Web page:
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Company Financing Options

There are several sources of financing available to companies, depending on the sector they are in, and the stage of development. The below discusses a few options:

Startups And Early Stage Companies

Startups and early stage companies tend to have unproven track records from a bank funding point of view and cannot offer asset backed security, so often need to rely on State grants, such as from LEO for third party funding. Typically, they will also be funded by the promoter themselves, or family members.  This can take the form of equity (ie share ownership) or loans. In some cases, the loans can convert to equity depending on agreed criteria.

Investment By Way Of Shares

If the investment is by way of shares, then these can be ordinary shares, which are typically voting/ control shares, or preference shares. The preference shares will usually not entitle the holder to voting rights but will carry an agreed coupon (ie interest rate) for the period they are held. In most cases the preference shares can be converted to ordinary shares, or redeemed, depending on the terms agreed.

Funding From Financial Institutions

As a company develops and perhaps has a trading history and more assets for security, it then has options to get funding from financial institutions, or from private investors.  Many businesses are looking for alternative sources of funding, and a market has developed where private individuals with cash on hand lend the money to businesses at an agreed rate, over an agreed term.  

Term Loan Facilities

Companies with strong asset positions can typically use these assets as security to get term loan facilities from their banks, who then take a charge or mortgage over the assets of the company. Term loans can vary in length from 3 years to 10 years, and the term will typically be dictated by what the loan proceeds will be used for. They are routinely used, for example where a business might acquire another business, and will generate a return from that investment over several years. Instead of repaying the loan over a short term, which could put it under cash flow pressure and stifle growth, these are typically put over a 5–7-year term, to better reflect the return-on-investment timeline.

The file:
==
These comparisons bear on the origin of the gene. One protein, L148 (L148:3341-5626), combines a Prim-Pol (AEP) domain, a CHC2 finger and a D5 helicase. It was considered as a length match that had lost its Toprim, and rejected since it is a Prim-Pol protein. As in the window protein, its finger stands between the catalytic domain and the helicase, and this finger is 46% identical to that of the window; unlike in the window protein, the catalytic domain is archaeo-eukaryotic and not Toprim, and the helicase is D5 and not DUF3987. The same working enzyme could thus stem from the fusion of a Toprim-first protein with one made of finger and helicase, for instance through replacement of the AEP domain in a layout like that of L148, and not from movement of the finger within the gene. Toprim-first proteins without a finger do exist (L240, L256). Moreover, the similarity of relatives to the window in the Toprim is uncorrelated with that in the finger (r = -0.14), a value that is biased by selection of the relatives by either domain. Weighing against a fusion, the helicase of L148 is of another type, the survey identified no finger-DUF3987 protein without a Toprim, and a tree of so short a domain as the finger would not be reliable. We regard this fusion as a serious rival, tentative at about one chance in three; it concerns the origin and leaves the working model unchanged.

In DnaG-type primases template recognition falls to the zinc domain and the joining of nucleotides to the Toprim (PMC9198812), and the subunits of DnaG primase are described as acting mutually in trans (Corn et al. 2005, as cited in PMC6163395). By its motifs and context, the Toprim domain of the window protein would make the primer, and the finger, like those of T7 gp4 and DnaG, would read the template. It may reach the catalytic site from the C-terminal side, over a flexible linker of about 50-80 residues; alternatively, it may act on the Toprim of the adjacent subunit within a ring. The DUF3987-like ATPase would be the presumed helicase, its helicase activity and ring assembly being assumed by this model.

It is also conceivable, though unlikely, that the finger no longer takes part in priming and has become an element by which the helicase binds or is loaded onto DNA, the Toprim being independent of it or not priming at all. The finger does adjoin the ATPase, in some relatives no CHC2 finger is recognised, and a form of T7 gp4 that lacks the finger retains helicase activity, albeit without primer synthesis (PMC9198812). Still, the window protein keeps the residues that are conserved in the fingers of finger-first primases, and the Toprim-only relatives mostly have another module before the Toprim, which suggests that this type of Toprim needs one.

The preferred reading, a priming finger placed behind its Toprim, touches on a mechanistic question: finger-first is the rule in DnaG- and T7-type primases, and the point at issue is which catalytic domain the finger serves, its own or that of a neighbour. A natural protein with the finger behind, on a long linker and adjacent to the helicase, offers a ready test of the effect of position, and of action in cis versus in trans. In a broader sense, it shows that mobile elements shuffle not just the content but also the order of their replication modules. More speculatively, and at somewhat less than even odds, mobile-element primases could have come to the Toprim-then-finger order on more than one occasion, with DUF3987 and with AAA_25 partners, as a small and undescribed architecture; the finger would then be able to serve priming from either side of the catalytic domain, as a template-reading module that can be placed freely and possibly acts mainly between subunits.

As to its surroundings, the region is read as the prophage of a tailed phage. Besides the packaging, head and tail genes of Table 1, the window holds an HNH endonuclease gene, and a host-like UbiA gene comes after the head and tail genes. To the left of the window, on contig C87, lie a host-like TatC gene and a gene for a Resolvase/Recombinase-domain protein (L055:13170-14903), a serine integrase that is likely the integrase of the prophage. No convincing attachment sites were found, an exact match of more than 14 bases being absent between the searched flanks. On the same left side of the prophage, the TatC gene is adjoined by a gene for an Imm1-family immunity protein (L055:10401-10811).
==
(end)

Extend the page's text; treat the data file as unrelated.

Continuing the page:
Venture Capital Funding

Finally, there is an option, which typically technology or pharma companies consider, which is venture capital funding. This is where third party professional investors pool their monies and the venture capitalist will have specific investment criteria and rate of returns they are trying to achieve. This usually also involves a specific timeframe, as each fund has an agreed finite life, after which the investors get their returns if any. 

There are several options out there, depending on the stage the business is at, and how many rounds of funding are required. There may be options to get funding from Enterprise Ireland or similar institutions for these companies. In most cases, there may be a few rounds of venture capital funding, as equity investment is the most expensive form of funding (it is also the riskiest as the investors rank the same as the business founder if things don’t work out, i.e. last), and is unsecured. The reason there are a few rounds is so that the business can build up enough value from the previous round to ensure that the business founders don’t end up selling their shares in the company too early to later see others make a windfall gain.

The appropriate type of funding can also depend on what it will be used for, and what the associated loan security might be. If purchasing say a freehold property, then this will usually be by way of medium to long term bank loans, and the bank secure their loans over the property. However, they will not finance all of the cost of the property; typically around 70%, so the remaining balance will need to come from the company or the shareholders themselves.

If looking to fund working capital on the other hand, that could be by way of unsecured bank overdraft (which is usually more expensive than a term loan, because the bank doesn’t take any security for this), or some form of factoring, letters of credit or invoice discounting.  These options require the company to offer the debtor book or stock as security over these loans. The loans are short term in nature, and typically become a rolling credit facility for working capital needs.

If looking to purchase other fixed assets such as vehicles or IT equipment, then leasing or hire purchase may be appropriate. These finance options will typically run for 3-5 years, depending on the useful life of the asset being purchased.

The above is a summary of some of the finance options that are available. Each case is different though, so seek advice before starting your journey. The information the lender or investor will request will vary for each case, so it’s important to know what will be required and to have it ready before you begin. If you need advice on funding options, please contact us here in Connors & Co.


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